Damming the Patuca

Monti Aguirre
The Patuca at Dawn
The Patuca at Dawn
Dr. Kendra McSweeney

In 1998, I traveled to Honduras at the request of representatives from the Tawhaka indigenous people, who live by the Patuca River. The planned Patuca II Dam, located near their lands, was threatening their livelihoods and lives. Villages would be flooded, and people would lose their fruit trees and crops, as well as access to forest resources, hunting areas and fish. Downstream, at the mouth of the river, rich areas of mangroves and lagunas abundant with shellfish would be lost, depriving Miskito indigenous and Afro-Honduran people of their main source of subsistence.

I soon met with several representatives of the Platform for the Defense of the Patuca River, which was created to stop the Patuca II Dam. The impressive platform comprised indigenous peoples, Afro-Hondurans, two different churches, a couple of mayors of towns, academics, journalists, and environmentalists. I don’t think that today, after the assassination of my dear friend and colleague Berta Cáceres, such a platform could survive without vindictive persecution.

Together, we successfully stopped the Patuca II Dam. The dam builders – US Harza Energy (today Montgomery Harza and then a major dam builder) and Panda Energy, a small US energy company – pulled out after Hurricane Mitch devastated the region and they felt the opposition of the local communities. A Honduran investing company led by the Facussei Group was the third party in the consortium to build Patuca II.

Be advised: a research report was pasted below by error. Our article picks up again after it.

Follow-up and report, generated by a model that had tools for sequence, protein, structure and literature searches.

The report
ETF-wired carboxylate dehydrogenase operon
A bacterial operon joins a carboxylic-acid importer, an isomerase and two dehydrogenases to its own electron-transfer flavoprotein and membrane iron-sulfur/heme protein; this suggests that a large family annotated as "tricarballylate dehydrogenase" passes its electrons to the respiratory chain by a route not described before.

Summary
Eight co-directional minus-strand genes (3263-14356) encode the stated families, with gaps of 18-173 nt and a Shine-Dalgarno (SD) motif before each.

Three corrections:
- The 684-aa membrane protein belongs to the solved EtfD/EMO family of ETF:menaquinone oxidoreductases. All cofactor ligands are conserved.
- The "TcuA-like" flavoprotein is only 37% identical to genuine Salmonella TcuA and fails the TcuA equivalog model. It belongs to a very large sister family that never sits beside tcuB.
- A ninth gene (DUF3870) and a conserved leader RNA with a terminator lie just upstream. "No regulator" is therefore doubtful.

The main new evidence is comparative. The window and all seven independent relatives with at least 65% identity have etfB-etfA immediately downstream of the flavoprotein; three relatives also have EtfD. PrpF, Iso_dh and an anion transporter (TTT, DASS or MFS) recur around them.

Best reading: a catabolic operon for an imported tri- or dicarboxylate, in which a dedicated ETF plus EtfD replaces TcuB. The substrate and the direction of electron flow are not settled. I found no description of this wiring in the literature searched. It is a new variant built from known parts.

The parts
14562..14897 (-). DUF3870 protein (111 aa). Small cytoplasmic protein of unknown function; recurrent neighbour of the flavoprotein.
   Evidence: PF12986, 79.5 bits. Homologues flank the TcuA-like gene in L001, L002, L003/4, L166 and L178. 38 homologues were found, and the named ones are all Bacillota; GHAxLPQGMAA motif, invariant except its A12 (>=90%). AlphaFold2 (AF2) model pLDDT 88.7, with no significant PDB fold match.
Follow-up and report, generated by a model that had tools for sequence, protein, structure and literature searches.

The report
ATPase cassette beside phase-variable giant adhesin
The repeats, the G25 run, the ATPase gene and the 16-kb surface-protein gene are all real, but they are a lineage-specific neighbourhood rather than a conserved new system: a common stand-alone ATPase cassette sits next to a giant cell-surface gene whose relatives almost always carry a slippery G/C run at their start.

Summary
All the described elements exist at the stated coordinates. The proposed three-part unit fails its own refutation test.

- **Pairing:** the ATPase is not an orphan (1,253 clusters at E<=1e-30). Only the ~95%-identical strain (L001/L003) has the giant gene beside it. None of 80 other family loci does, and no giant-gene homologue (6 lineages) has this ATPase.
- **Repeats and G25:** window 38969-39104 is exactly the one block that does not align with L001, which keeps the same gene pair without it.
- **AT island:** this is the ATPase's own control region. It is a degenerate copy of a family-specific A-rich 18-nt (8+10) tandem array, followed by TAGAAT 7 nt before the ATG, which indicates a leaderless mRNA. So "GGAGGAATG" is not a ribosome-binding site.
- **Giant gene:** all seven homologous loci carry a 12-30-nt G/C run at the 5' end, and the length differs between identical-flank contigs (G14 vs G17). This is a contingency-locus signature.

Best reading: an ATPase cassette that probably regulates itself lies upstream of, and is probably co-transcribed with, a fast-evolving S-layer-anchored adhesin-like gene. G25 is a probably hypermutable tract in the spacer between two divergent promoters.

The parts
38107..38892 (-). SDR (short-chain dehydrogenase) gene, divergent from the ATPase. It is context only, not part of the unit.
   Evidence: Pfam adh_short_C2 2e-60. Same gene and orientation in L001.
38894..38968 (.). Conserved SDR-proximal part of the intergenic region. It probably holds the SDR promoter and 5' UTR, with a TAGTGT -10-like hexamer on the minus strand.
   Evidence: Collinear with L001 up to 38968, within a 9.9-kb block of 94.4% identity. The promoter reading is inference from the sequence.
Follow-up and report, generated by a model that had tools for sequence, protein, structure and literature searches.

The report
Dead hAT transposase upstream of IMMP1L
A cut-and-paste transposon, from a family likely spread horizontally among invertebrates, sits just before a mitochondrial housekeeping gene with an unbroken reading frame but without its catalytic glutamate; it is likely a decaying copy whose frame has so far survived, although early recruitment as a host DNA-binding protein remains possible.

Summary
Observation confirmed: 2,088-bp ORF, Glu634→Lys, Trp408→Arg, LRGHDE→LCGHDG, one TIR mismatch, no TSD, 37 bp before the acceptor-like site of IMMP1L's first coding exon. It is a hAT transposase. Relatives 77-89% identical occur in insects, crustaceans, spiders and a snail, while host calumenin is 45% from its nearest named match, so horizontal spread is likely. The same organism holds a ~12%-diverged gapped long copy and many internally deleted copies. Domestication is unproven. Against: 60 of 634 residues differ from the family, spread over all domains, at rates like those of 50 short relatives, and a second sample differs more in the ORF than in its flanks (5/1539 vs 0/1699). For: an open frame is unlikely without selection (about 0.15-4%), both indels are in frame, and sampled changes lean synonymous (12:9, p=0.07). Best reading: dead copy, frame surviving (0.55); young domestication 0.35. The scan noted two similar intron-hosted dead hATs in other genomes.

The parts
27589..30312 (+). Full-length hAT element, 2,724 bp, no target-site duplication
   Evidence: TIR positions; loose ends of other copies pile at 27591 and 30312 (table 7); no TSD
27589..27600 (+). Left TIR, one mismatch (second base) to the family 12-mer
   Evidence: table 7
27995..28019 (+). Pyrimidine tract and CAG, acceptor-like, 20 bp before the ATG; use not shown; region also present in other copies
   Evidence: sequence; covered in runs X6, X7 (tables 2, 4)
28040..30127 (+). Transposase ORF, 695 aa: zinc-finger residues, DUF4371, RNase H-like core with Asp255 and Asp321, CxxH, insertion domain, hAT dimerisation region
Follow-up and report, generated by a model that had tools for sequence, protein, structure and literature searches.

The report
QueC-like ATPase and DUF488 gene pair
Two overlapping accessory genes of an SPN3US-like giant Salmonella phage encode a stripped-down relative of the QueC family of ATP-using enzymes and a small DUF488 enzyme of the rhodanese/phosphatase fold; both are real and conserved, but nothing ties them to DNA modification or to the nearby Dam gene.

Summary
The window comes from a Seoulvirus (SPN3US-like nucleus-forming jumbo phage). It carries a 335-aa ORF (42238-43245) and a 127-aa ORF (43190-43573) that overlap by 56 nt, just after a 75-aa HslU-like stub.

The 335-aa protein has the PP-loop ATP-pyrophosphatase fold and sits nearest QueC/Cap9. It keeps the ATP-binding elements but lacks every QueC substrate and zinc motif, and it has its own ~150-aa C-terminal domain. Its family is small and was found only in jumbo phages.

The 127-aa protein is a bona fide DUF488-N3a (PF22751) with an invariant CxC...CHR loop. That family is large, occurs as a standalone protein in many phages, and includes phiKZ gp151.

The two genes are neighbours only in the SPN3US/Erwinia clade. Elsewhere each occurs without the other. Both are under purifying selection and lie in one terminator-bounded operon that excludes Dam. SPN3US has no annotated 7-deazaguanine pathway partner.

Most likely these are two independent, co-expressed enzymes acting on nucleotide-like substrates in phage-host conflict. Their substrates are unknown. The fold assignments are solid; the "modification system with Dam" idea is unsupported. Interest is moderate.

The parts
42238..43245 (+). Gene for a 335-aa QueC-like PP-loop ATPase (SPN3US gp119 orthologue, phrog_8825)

As happens all throughout Latin America, dam projects may be stopped, but the plans to build them continue. In 2007, the government of Honduras began plans for the construction of the Patuca III Dam, located upstream from where the planned Patuca II Dam was proposed.

In our new factsheet "Honduras: Patuca River and Communities under Threat," we explore the development of the Patuca III, or Piedras Amarillas Dam, which is expected to be finished by 2018. The project lacks comprehensive environmental studies and the resettlement plan is incomplete.

We will continue to provide updates on the development of this dam, which will be built by the Chinese company Sinohydro. In other parts of Latin America, we’ll continue working to develop and support national coalitions for river protection laws.

Thursday, June 30, 2016